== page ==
This work reports the quantitation and sensory characterization of 1,4-cineole in red wine for the first time. A headspace−solid-phase microextraction−gas chromatography−mass spectrometry (HS−SPME−GC−MS) method was developed to quantitate 1,4-cineole and 1,8-cineole in 104 commercial Australian red wines. 1,4-Cineole was detected in all of the wines analyzed, with concentrations ranging from 0.023 to 1.6 μg/L. An important varietal effect was observed, with concentrations of 1,4-cineole in Cabernet Sauvignon wines (mean of 0.6 ± 0.3 μg/L) significantly higher than in Shiraz (0.07 ± 0.04 μg/L) and Pinot Noir (0.2 ± 0.2 μg/L) wines. Regional variations of both cineole isomer concentrations have been measured between wines originating from different Australian regions. Sensory studies demonstrated that the addition of 0.54 μg/L 1,4-cineole in a Cabernet Sauvignon wine, to produce a final concentration of 0.63 μg/L, was perceived significantly by a sensory panel (p < 0.05). Descriptive analyses revealed that 1,4-cineole and 1,8-cineole may contribute to the hay, dried herbs, and blackcurrant aromas reported in Australian Cabernet Sauvignon wines and may be potential markers of regional typicality of these wines.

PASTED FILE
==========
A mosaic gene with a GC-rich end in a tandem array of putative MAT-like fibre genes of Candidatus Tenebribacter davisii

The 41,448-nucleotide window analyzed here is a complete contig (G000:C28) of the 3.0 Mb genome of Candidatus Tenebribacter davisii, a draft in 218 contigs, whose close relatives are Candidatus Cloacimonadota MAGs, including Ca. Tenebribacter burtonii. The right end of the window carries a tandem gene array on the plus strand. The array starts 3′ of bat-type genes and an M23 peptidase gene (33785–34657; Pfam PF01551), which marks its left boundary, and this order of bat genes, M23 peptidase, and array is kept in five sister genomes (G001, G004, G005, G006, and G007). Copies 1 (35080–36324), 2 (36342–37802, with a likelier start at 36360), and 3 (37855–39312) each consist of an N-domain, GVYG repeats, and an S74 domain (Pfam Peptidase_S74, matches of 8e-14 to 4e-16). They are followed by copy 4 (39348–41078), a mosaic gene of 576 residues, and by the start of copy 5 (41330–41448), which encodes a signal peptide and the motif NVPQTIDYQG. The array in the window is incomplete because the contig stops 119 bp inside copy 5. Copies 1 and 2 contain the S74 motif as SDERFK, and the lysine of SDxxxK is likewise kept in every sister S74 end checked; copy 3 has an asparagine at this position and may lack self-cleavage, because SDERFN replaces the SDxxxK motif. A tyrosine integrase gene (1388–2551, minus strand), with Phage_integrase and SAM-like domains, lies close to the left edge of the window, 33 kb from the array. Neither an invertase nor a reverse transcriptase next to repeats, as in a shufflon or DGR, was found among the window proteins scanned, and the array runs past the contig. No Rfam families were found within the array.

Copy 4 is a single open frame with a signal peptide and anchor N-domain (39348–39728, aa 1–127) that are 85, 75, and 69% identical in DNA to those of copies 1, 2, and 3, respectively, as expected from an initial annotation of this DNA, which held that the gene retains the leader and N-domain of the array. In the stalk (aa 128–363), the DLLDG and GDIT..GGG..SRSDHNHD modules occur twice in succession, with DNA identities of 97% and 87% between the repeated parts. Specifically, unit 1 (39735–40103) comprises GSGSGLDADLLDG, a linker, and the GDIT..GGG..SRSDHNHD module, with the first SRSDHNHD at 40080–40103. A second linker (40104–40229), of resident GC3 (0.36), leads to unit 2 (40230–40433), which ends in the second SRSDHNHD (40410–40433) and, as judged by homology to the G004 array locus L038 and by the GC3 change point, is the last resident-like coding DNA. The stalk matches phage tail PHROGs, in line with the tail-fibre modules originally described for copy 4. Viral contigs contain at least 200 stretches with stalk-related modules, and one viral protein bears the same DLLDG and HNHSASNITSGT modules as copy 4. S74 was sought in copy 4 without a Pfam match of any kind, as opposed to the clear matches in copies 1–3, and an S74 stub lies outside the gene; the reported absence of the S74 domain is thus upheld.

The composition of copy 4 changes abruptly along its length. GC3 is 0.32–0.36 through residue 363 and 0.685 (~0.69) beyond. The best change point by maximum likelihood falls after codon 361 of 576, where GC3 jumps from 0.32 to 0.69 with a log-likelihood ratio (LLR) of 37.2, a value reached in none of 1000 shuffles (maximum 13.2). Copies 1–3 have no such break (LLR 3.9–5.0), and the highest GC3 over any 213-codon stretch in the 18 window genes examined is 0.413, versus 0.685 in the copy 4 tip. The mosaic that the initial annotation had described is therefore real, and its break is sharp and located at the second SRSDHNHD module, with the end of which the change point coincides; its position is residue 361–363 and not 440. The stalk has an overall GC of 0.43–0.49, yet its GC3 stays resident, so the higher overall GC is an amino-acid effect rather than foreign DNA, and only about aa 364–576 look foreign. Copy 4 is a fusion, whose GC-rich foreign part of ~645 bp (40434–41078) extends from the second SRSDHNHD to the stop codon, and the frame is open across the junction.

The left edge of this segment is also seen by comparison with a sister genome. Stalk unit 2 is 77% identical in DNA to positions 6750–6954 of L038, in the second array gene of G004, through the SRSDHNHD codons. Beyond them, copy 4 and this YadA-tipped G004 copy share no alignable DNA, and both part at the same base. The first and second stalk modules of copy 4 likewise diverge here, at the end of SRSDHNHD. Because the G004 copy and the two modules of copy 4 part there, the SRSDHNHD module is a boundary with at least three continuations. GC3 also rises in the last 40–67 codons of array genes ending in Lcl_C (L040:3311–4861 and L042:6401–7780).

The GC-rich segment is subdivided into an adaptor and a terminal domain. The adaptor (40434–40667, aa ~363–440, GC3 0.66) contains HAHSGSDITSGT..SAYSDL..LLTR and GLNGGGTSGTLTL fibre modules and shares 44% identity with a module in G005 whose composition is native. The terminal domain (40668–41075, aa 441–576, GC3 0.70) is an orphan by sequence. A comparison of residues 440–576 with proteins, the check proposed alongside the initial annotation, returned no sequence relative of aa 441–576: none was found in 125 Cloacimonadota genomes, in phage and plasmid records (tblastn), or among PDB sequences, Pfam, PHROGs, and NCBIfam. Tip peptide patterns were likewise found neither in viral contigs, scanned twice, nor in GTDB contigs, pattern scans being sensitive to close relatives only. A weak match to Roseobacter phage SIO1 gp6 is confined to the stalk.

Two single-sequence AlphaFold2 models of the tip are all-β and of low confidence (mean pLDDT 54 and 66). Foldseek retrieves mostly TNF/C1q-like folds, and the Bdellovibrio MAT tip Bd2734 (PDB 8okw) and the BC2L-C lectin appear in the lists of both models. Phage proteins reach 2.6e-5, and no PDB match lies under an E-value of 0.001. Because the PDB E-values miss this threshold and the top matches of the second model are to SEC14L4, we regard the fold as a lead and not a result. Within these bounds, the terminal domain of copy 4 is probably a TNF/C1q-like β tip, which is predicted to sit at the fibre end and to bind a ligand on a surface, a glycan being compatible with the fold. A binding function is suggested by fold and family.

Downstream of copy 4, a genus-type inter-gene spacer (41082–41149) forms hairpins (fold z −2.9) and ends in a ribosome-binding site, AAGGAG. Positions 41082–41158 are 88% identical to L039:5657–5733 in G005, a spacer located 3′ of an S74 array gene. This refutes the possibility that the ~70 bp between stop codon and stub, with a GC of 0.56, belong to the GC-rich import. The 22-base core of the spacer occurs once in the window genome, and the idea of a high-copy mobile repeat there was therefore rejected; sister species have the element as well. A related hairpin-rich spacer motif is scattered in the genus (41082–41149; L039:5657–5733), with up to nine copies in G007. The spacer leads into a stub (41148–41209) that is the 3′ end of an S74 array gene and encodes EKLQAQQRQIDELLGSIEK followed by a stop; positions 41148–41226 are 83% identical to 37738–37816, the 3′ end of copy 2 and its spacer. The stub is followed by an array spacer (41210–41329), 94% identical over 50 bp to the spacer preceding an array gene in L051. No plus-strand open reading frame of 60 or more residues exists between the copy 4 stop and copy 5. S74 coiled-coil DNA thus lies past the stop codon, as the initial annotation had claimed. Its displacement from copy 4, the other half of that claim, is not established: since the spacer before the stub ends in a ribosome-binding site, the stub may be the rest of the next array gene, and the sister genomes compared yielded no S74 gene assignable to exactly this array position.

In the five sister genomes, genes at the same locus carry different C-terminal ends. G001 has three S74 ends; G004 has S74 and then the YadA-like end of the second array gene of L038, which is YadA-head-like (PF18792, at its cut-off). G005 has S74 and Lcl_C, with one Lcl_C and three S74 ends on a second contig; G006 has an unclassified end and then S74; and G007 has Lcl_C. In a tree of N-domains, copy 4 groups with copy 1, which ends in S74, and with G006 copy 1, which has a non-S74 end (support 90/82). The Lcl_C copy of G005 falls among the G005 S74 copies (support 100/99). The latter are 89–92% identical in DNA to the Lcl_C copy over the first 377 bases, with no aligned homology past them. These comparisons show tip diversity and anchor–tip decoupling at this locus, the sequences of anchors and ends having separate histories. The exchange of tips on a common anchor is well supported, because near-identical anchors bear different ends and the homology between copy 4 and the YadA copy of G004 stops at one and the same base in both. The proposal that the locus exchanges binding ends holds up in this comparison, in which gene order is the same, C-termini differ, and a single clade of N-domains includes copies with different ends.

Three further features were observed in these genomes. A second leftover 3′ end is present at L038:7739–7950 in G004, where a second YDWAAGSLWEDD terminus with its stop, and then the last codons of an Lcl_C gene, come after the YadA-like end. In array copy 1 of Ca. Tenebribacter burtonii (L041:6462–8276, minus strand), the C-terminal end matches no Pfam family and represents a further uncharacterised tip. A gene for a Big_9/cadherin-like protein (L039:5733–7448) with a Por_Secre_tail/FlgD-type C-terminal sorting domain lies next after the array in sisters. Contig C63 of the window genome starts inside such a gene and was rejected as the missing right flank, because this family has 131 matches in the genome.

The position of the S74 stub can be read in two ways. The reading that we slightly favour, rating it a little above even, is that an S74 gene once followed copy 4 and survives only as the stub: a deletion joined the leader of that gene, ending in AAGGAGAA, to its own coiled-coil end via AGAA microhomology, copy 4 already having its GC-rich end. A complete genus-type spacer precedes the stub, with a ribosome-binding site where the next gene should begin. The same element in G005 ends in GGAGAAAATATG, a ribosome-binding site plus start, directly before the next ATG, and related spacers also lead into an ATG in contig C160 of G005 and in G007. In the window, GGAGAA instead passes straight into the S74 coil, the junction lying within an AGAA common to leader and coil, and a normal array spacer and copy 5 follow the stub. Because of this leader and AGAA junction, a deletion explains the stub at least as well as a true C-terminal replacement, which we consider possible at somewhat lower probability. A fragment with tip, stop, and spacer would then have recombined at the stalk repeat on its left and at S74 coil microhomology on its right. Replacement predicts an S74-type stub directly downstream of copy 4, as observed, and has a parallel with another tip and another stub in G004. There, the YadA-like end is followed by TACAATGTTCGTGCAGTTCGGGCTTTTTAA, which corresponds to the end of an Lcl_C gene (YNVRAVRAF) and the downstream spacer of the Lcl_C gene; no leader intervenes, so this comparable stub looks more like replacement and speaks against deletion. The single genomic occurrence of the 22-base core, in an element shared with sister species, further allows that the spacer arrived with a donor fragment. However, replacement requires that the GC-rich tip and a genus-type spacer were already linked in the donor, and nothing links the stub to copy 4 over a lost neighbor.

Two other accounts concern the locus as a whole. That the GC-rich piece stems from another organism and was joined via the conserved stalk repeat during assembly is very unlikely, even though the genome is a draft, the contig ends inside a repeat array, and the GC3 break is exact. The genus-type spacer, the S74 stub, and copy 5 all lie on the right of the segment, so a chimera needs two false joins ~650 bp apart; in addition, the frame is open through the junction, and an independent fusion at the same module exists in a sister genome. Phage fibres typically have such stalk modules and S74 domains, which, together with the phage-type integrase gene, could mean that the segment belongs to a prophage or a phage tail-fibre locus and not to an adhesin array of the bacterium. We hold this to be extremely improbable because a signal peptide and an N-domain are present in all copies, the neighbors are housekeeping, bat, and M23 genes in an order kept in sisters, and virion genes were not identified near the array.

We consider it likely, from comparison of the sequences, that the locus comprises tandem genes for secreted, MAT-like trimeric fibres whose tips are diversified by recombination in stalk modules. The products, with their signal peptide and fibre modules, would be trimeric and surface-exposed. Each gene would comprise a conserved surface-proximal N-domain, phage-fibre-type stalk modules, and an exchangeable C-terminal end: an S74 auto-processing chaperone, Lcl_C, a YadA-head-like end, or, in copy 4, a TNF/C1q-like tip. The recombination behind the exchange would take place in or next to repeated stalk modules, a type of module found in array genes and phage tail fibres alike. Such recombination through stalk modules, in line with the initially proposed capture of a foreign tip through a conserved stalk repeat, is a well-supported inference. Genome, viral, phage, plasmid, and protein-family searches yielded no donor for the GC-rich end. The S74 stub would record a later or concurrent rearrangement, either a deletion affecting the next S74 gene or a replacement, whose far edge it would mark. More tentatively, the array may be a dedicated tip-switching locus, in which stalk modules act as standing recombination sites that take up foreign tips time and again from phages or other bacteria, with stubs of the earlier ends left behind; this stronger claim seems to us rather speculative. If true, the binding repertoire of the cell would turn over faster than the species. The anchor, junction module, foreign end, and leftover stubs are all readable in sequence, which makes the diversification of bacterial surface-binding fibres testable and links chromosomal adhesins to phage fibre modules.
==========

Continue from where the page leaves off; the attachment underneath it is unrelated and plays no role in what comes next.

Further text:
Antalick, G., Tempere, S., Suklje, K., Blackman, J., Deloire, A., Revel, G. D., & Schmidtke, L. (2015). Investigation and sensory characterization of 1,4-Cineole: A potential aromatic marker of Australian cCabernet Sauvignon Wine. Journal of Agricultural and Food Chemistry, 63(41), 9103-9111. https://doi.org/10.1021/acs.jafc.5b03847